We’ve gone through much together as far as our lives go.

But I’ve yet to tell you Laho’s favorite story about me.
It’s one he likes to pull out and tell (in great detail) every time we’re together.
However, he seems to derive an inordinate amount of pleasure telling it when there are lots of people around to actually listen to the man.
I take it more in stride these days but boy, oh boy, you’d think I really scarred the poor bastard for life the way he tells it. And maybe I did.

 

The story begins with a beautiful day on Cape Cod; the sun is 100% Orange Crush and the skies are a deep shade of eternal indigo with a few scant puffs of white for contrast.
Yeah, it’s perfect, ok?
L&L love the beach visible by their cocoa brown-colored skin during the summer months. I couldn’t take them to just any beach; Uh, uh.
This had to be a very special place.

It didn’t help my cause at all that I chose to praise the living crap out of this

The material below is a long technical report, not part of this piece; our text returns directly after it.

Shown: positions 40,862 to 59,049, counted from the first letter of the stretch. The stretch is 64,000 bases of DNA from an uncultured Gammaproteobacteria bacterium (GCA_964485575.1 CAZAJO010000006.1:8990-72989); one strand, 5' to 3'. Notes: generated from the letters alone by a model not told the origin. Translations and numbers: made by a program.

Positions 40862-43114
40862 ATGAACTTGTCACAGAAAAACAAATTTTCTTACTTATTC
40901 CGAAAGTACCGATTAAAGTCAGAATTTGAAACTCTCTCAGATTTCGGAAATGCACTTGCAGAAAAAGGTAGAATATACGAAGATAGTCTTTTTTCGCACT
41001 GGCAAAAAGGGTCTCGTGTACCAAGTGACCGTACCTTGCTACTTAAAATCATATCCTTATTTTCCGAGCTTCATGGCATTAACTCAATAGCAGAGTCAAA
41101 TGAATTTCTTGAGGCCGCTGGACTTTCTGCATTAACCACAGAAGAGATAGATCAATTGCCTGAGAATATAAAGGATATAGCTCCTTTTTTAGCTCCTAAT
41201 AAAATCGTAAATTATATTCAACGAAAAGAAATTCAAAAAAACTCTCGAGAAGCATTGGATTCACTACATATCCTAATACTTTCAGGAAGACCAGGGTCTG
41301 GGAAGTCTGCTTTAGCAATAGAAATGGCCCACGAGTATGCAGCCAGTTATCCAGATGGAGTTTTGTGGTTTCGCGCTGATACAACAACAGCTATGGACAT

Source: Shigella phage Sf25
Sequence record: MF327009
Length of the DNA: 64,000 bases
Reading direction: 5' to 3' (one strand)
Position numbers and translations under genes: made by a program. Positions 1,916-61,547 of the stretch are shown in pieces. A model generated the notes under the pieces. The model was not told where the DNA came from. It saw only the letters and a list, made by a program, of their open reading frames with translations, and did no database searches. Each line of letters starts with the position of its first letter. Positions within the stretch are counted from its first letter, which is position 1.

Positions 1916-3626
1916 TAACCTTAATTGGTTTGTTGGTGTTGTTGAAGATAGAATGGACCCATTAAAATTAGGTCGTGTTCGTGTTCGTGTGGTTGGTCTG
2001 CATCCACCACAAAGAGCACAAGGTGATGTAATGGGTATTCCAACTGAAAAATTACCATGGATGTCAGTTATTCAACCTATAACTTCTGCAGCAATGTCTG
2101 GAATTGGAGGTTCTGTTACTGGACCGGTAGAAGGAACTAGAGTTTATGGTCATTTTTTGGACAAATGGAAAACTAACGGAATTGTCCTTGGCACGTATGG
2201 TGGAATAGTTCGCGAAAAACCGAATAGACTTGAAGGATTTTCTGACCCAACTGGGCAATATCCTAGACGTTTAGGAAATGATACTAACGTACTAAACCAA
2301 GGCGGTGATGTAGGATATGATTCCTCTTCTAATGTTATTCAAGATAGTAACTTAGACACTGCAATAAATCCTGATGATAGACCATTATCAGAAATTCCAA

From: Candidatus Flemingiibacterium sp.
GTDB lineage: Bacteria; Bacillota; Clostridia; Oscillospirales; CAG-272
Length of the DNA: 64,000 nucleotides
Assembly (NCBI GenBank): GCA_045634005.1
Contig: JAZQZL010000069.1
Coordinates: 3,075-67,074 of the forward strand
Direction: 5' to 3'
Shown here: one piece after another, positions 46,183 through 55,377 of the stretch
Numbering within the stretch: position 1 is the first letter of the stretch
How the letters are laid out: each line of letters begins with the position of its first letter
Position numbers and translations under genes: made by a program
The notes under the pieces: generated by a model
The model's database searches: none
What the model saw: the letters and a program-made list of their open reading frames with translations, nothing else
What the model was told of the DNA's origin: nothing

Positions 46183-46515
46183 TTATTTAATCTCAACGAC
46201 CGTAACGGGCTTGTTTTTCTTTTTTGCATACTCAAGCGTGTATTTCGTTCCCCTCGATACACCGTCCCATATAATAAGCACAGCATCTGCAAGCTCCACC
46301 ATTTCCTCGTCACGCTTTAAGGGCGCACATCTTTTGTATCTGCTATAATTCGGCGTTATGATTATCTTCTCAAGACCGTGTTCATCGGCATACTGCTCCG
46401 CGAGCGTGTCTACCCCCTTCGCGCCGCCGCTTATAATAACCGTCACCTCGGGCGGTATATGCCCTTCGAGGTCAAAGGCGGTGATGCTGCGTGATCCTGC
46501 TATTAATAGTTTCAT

hellhole. . . uhh, I mean really nice beach, I decided to take them to.
We agreed to meet the next day at our hotel and drive to the elbow of the Cape, Wellfleet to be exact.

“You guys are going to love this place,” I said, “It’s called Cahoon’s Hollow and it’s wonderful. We’ll have a blast,” I said confidently.

I should make a point of telling you that each of us had an infant in tow
(translation: we were carrying mucho baby apparatus; diapers, bottles, gallons of SPF 50+ sunscreen, bottled water, chairs, playpens, toys, strollers and incredibly the list goes on…you get the picture. And if you’re thinking this can’t and won’t end well, you’re right)

I should also mention that the path leading down to the beach was a steep incline easy to go down but virtually impossible to get up even when you’re not carrying a six pack of Magic Hat never mind 2 ½ tons of baby shit.

We all made it safely down the blistering hot hill of sand and found a nice spot to set up the girls and the babies.
It wasn’t until we were done that I turned to look at the ocean, the raison d’être for our visit.

Oh. My. God.

I didn’t think the ocean had that much seaweed.
For as far as the eye could see the first 25 to 30 ft of ocean was slimy, brown and extremely icky seaweed.
It even grossed me out, which is really hard to do. (Just ask Laho)

 

Laho said, “Nice . . . you guys come here a lot, huh?”

Even my wife gave me the ‘I don’t even know you’ stare.